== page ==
Keeping the Passion for God


Last weekend I gave a seminar among materially poor hispanic pastors and leaders who work in meat-packing plants and other low-paying jobs in Nebraska, Kansas, Iowa, and South Dakota. Even the senior pastors at the seminar needed to work fulltime jobs to feed their families. Although I felt for their economic condition, I also knew that their hardships “help” make them more dependent on Jesus, more zealous for spiritual things, and more ready to serve. And I could sense their passion for God’s work during the seminar. I’ve seen the same hunger among the poor and needy in the Elim Church in San Salvador and in many other places in the world.

The greatest danger and hindrance to effective cell ministry is apathy. It’s the apathetic attitude that comes when a culture is lifted up with wealth and security, and simply says, “I don’t have time to join a cell, enter the training track, lead a group, or for that matter, be involved in any outside activity. In fact, I probably won’t have time to come to church each Sunday, so I’d prefer to say that I’m part of _____ church because noone will notice when I’m not present.”

God is looking for humble hearts . He simply can’t use those who don’t need Him, depend Him, or ask Him for help. We who live in the WEST with all of its luxury have to continually ask God to allow us to live in a state of hunger, thirst and personal crisis (in a positive sense), so that we will always know our need for God. I love the cell church strategy, but like all ministry, it requires that people offer themselves to God’s service and want to make an impact in their societies.

Let us pray fervently that when God lifts us up with all the benefits of the gospel that we will stay humble, zealous, and desirious of His love and power more than anything else.




15 thoughts on “Keeping the Passion for God

  • beloved in the Lord Jesus,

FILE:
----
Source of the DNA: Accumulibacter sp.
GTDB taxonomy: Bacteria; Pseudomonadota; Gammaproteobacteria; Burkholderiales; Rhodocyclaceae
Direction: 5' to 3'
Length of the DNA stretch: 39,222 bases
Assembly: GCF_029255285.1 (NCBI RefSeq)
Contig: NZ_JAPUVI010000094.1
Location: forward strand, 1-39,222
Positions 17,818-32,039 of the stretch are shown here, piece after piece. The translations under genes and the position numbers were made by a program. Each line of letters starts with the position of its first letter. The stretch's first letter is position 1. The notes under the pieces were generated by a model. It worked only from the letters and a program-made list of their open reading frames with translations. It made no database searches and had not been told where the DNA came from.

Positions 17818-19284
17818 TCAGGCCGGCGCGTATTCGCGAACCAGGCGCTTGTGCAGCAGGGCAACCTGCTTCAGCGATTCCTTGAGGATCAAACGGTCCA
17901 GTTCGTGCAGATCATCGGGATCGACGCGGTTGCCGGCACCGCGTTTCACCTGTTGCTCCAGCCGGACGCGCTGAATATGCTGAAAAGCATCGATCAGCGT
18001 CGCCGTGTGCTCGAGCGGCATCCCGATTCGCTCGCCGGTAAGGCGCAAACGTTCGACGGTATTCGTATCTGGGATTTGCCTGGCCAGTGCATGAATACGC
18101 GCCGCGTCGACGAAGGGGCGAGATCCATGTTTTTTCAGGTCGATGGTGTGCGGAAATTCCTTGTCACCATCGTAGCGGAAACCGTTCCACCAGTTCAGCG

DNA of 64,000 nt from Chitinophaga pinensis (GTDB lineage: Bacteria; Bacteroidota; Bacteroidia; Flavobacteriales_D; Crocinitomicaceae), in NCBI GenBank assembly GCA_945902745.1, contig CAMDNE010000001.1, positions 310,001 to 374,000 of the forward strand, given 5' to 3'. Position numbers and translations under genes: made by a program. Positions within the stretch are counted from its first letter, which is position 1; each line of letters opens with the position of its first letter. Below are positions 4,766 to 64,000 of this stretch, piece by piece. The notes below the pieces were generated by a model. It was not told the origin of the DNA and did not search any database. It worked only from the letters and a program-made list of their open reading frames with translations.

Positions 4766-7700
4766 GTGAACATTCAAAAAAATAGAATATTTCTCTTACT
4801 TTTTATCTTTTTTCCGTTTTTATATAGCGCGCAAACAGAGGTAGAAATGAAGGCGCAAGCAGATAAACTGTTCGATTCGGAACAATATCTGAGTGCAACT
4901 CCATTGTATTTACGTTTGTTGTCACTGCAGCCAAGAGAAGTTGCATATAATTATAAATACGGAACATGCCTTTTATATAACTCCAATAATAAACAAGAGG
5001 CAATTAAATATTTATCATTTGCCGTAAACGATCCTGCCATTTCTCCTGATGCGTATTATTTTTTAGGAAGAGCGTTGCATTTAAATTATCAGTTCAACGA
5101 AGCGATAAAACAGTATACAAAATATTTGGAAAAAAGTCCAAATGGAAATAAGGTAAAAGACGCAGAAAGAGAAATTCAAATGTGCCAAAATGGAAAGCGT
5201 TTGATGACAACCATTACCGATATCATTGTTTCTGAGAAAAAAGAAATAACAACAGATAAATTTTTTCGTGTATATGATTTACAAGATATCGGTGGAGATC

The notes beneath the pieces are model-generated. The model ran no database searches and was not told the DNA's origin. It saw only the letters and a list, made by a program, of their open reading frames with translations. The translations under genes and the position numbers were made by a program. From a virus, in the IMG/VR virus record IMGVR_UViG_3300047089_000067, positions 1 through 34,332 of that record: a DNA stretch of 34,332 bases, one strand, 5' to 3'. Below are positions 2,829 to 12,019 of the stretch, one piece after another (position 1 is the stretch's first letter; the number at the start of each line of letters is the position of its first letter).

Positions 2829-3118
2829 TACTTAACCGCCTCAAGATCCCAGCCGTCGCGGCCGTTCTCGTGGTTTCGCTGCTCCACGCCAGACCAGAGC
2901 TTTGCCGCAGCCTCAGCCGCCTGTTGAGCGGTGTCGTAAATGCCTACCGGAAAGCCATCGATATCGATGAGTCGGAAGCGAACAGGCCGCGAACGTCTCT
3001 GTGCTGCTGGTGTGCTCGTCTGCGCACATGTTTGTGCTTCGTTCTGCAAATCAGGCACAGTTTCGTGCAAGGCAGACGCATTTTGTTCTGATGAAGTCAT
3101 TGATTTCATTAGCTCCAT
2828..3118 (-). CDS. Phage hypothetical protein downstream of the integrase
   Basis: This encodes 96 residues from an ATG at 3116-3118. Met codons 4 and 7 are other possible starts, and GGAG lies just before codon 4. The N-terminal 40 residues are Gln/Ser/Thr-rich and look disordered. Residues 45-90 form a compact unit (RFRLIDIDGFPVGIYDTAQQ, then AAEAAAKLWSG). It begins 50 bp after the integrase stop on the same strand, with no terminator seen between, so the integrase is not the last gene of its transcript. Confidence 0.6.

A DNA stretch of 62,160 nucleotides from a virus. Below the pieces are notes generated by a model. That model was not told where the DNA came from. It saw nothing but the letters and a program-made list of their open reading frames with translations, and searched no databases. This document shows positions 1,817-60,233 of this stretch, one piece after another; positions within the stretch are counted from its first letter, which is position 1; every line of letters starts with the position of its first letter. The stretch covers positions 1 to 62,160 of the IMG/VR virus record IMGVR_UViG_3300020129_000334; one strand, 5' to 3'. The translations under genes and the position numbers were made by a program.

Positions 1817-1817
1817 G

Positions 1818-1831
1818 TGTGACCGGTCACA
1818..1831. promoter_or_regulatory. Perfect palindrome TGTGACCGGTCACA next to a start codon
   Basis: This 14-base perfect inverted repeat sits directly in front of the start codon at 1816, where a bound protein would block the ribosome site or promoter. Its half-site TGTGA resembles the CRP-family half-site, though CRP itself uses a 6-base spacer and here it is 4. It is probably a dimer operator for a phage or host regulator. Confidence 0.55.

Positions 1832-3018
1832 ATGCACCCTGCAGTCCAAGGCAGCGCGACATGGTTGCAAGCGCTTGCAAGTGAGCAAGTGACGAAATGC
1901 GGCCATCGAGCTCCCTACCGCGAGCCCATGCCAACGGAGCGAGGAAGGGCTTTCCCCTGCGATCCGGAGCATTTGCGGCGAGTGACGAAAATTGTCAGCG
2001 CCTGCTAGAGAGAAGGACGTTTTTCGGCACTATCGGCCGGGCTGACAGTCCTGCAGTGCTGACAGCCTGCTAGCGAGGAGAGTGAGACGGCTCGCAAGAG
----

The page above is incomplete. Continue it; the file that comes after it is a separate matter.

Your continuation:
though things are very difficult yet let’s press froward for the battle is not yet
    fro sure we shall win in the name of the Lord
    letus go on encouraging each other so as we wait for His return


  • “I love the cell church strategy, but it only works well when people offer themselves to God’s service and want to make an impact in their societies.”

    Truer words have never been uttered. May I quote you? 🙂

  • You like that quote, aye. Surely, you can use it! But it’s so true. Cell church is a great strategy, but people make cell church work. And if people are apathetic to the gospel/church, it doesn’t matter what strategy you have, they are simply not going to sign up. Some strategies, in fact, which promote less commitment, are more attractive to the apathetic. . . .

  • I am honored to be involved in 2 different models of Small Groups at 2 MFI Churches in Greater Cleveland area.

    I have been going through the most dificult financial times of my life by choice committed to my mission in financial services & refused to follow any TV ptominent financial GURUs, US President, Tresury Secretary, Number of the same Econimists that we heare forever, Mortgage Bankers Association, SEC, Federal Reserve, Government & Media Falth Propoganda of the Devil’s Economy & some incompetent statements from prominent Church Figures in this Country.

    We must to start discovering very simple truth of economics & start building God’s economy through the Truth of the Full Gospel, which started at the Pentacost, continued through People of Old Faith in Russia for about 1500 years, Revival in America.

  • RE I love the cell church strategy, but it only works well when people offer themselves to God’s service and want to make an impact in their societies.

    Are there strategies that work well when people don’t offer themselves to God’s service and want to make an impact in their societies?

  • Joel,

    So true. I see this in Katy, Texas. When people are comfortable with life – they tend to loose their passion for touching our world for Jesus. Jesus and the Bible become are slave and when things go wrong or hard – God tends to get blamed. I think it all have to do with where our heart is and therefore we create doctrines and a theology to back our quest for more. The charismatic movement of the 90’s, which I am one of, tended lean towards a feel good, what is in it for me theology. May God breath life and humility into our Biblcal communities. Thank you for this word…

  • Joel,